8. I\’ve stated for a number of years–and posted a very controversial article on the subject (see: below)–that the only possible use for taking a creative writing class is networking–connecting with fellow students or, hopefully, getting a career boost from a helpful instructor. I have never believed for one second that creative writing courses \”make\” a writer or even make a good writer better. I\’ve taught a number of courses and workshops on writing but I never will again. It would be dishonest of me and a disservice to my trusting students.

  9. Thanks for your latest comments, Harvey, Helen and Cliff. The whole discussion on this post has illustrated what a complex topic this is – how many sides there are to it. If someone were to organise an event in Wellington which brought together organisers, proponents and critics of the Victoria MA, told them not to get into personal criticism, and let them go to it under a good chairperson/facilitator, I think there would be a large and enthralled audience! Any takers?

  10. I took one of the under grad summer workshops and found it invaluable. It was the first and only writing workshop I\’ve taken so I have nothing to compare it to. What I loved so much about it was being with a group of people who took their craft seriously and also having a group of 10 people critique your writing, give you feedback. That and the space to write which is really difficult to create when you\’re new to it all. The pieces I wrote in the workshop which were the first two short stories I ever completed were published out of NZ.As someone who had nothing much to do with any literary scene or didn\’t know anyone else who enjoyed writing, the IIML workshop was validating.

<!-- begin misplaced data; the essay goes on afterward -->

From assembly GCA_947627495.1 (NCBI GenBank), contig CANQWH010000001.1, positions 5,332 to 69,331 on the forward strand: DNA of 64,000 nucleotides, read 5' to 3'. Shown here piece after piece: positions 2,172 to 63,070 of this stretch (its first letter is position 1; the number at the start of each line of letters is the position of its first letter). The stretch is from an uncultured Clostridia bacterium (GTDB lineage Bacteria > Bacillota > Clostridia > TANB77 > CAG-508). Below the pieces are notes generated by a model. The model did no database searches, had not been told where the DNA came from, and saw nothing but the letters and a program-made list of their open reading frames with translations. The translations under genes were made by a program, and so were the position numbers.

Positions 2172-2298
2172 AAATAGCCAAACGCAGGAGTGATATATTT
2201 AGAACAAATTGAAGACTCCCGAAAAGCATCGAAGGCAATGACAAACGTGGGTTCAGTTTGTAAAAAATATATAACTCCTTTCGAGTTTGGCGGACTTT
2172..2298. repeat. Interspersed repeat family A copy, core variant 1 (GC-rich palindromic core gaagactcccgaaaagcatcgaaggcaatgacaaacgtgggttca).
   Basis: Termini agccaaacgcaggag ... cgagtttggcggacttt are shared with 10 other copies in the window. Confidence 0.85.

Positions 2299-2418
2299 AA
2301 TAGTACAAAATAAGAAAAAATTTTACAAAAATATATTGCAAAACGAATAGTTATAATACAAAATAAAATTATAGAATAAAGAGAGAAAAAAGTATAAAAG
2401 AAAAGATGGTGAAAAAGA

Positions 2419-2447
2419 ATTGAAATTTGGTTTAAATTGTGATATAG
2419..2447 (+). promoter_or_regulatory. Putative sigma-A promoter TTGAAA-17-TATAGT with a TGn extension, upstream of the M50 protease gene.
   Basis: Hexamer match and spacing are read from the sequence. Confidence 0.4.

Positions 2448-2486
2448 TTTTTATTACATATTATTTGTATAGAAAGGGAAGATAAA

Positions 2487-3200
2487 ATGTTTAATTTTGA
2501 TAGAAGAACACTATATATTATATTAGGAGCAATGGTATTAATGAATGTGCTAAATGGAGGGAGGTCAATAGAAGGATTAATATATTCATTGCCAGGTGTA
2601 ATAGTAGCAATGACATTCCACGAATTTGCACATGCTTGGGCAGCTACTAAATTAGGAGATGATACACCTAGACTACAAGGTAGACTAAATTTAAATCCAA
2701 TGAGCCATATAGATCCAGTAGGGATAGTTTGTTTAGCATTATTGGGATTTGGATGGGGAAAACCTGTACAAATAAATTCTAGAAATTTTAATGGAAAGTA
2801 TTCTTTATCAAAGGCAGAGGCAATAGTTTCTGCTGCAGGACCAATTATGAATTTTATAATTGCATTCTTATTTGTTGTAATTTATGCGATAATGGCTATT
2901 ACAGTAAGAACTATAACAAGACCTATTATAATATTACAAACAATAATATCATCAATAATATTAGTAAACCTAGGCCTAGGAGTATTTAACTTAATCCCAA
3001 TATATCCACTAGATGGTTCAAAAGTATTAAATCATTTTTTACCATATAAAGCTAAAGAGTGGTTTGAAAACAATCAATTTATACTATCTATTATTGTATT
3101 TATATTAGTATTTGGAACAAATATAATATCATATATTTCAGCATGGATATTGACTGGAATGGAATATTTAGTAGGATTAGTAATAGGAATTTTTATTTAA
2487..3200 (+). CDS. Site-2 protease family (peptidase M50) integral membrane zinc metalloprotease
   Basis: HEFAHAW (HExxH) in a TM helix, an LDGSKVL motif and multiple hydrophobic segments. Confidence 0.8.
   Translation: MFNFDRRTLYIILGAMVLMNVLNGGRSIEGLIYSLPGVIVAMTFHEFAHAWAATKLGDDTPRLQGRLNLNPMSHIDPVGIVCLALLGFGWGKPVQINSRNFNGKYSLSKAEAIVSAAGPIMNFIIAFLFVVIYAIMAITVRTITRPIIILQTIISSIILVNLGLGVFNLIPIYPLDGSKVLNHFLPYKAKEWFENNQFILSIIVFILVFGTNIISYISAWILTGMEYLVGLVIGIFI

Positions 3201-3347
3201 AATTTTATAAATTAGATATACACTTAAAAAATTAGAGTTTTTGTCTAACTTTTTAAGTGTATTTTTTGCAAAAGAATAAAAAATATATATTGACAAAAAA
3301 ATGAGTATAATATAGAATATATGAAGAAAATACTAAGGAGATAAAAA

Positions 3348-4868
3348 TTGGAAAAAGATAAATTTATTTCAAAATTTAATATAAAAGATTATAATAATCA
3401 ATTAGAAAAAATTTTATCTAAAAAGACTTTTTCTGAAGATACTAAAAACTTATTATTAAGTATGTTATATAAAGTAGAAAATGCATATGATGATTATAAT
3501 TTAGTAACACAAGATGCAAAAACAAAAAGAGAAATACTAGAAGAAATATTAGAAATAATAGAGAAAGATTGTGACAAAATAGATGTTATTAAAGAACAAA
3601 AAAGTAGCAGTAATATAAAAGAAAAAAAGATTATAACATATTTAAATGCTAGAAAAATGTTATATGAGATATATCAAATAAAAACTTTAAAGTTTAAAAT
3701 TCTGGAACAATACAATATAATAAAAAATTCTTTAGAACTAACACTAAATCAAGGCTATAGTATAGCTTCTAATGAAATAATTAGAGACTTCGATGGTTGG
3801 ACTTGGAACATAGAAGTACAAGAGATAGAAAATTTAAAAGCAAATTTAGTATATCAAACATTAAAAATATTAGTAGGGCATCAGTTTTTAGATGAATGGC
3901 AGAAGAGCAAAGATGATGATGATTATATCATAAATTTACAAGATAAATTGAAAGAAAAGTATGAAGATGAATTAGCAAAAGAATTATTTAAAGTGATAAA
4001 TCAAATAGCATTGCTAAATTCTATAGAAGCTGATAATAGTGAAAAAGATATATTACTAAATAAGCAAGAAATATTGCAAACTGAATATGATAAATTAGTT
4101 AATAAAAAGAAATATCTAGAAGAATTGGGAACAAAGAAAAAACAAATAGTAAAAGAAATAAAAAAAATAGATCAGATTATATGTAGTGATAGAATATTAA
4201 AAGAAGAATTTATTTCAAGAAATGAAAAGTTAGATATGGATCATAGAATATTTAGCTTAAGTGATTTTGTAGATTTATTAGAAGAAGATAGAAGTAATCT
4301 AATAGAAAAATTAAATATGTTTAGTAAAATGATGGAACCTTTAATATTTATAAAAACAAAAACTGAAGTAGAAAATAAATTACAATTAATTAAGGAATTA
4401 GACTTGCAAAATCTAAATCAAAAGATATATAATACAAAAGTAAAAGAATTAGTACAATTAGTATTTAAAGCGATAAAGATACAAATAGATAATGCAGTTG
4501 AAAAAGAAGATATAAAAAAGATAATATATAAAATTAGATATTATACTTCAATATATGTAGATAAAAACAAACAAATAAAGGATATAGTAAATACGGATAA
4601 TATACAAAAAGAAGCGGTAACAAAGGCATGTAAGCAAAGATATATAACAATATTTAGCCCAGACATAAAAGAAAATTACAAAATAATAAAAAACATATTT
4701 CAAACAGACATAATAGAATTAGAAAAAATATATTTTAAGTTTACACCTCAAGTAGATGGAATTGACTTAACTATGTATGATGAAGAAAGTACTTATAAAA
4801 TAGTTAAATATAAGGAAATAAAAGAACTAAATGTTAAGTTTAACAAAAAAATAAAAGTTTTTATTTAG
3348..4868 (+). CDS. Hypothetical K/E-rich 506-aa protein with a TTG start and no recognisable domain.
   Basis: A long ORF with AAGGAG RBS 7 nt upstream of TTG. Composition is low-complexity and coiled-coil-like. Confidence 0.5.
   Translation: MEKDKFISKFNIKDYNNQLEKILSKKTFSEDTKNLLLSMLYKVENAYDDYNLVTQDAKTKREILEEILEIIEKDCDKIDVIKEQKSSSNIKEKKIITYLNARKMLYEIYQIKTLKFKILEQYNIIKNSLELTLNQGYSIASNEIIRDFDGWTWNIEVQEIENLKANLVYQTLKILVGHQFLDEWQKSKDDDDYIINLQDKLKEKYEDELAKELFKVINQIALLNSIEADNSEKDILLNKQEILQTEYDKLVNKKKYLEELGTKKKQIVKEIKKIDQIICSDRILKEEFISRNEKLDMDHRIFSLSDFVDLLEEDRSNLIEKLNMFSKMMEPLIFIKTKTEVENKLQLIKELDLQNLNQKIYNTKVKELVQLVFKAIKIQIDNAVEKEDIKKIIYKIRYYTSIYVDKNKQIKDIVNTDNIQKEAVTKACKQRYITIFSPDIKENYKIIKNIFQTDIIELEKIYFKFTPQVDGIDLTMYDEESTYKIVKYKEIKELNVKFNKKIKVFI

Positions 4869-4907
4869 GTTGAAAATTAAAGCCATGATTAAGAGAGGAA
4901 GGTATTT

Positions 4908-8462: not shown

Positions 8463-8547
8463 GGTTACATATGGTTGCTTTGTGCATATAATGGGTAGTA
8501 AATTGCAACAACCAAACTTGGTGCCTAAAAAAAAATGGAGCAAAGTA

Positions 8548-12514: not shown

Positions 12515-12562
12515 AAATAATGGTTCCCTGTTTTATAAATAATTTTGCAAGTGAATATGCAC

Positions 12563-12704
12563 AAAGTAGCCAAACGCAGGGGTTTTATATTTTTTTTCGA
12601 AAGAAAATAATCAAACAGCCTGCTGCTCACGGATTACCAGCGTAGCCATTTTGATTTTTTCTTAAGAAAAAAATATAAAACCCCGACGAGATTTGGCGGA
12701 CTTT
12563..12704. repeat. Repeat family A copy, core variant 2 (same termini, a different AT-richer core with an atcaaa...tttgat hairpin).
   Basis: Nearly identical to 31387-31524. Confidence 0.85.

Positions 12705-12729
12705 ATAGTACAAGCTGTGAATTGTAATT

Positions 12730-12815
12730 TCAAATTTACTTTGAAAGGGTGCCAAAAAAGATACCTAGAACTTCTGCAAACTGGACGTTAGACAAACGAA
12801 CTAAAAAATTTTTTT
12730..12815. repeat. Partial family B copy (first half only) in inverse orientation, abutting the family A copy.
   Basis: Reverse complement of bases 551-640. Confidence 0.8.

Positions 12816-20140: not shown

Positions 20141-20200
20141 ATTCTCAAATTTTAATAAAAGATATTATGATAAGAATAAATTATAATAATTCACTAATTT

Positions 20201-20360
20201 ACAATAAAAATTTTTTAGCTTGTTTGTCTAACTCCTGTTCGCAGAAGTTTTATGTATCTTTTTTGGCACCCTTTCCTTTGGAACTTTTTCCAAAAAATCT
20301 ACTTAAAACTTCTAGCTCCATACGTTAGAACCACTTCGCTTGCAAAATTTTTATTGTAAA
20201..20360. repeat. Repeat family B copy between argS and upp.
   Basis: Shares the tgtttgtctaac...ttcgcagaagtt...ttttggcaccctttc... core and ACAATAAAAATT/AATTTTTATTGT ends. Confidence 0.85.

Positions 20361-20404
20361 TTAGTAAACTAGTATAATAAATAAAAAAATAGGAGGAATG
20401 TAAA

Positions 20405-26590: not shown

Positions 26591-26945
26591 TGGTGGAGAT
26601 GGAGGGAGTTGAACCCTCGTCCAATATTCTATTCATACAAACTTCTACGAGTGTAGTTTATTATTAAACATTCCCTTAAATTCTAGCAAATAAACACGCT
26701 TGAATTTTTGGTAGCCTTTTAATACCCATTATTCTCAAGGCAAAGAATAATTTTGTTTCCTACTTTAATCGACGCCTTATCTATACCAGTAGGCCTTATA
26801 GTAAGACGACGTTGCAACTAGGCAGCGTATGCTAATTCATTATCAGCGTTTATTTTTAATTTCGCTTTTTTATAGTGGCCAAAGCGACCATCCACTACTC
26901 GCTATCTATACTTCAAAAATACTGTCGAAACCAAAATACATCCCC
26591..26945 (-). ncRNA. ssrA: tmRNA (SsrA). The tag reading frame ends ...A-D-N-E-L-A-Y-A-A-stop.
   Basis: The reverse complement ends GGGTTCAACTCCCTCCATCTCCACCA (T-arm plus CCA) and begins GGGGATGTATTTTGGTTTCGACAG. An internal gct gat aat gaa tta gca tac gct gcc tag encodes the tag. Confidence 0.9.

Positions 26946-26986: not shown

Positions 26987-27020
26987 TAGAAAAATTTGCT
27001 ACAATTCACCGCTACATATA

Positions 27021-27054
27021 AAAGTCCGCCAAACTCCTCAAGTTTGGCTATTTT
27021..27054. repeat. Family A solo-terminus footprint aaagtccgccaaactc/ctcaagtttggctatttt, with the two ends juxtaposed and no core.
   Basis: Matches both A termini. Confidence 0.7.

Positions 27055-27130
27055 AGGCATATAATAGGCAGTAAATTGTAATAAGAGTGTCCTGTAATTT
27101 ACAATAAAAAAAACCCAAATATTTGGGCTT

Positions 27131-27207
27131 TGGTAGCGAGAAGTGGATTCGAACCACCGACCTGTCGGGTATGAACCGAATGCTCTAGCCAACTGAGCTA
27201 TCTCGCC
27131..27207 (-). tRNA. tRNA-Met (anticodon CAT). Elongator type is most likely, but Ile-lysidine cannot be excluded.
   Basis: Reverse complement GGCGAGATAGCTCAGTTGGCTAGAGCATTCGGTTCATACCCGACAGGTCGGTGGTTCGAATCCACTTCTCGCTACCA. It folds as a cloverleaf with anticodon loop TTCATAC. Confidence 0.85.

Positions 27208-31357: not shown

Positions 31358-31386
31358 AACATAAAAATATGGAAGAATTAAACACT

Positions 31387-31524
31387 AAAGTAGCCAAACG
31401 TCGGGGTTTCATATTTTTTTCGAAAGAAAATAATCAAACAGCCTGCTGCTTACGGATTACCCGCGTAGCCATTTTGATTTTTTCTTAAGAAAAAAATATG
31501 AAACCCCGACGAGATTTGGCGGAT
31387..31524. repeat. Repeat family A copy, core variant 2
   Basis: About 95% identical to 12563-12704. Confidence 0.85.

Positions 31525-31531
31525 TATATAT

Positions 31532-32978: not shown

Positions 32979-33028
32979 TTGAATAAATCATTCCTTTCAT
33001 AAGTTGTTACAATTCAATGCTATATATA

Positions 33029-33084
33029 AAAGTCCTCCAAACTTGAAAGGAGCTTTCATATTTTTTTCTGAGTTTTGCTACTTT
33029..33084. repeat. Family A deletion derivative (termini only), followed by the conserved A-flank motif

11. Thanks, templatepink – that is very much the experience I had of the \”Writing the Landscape\” course in 2003 – five of us from that course met this past week, for the first time in a while, to catch up, share our work, and also, we realised, mark the fifth anniversary of that instance of the course. I think it still means a lot to all of us.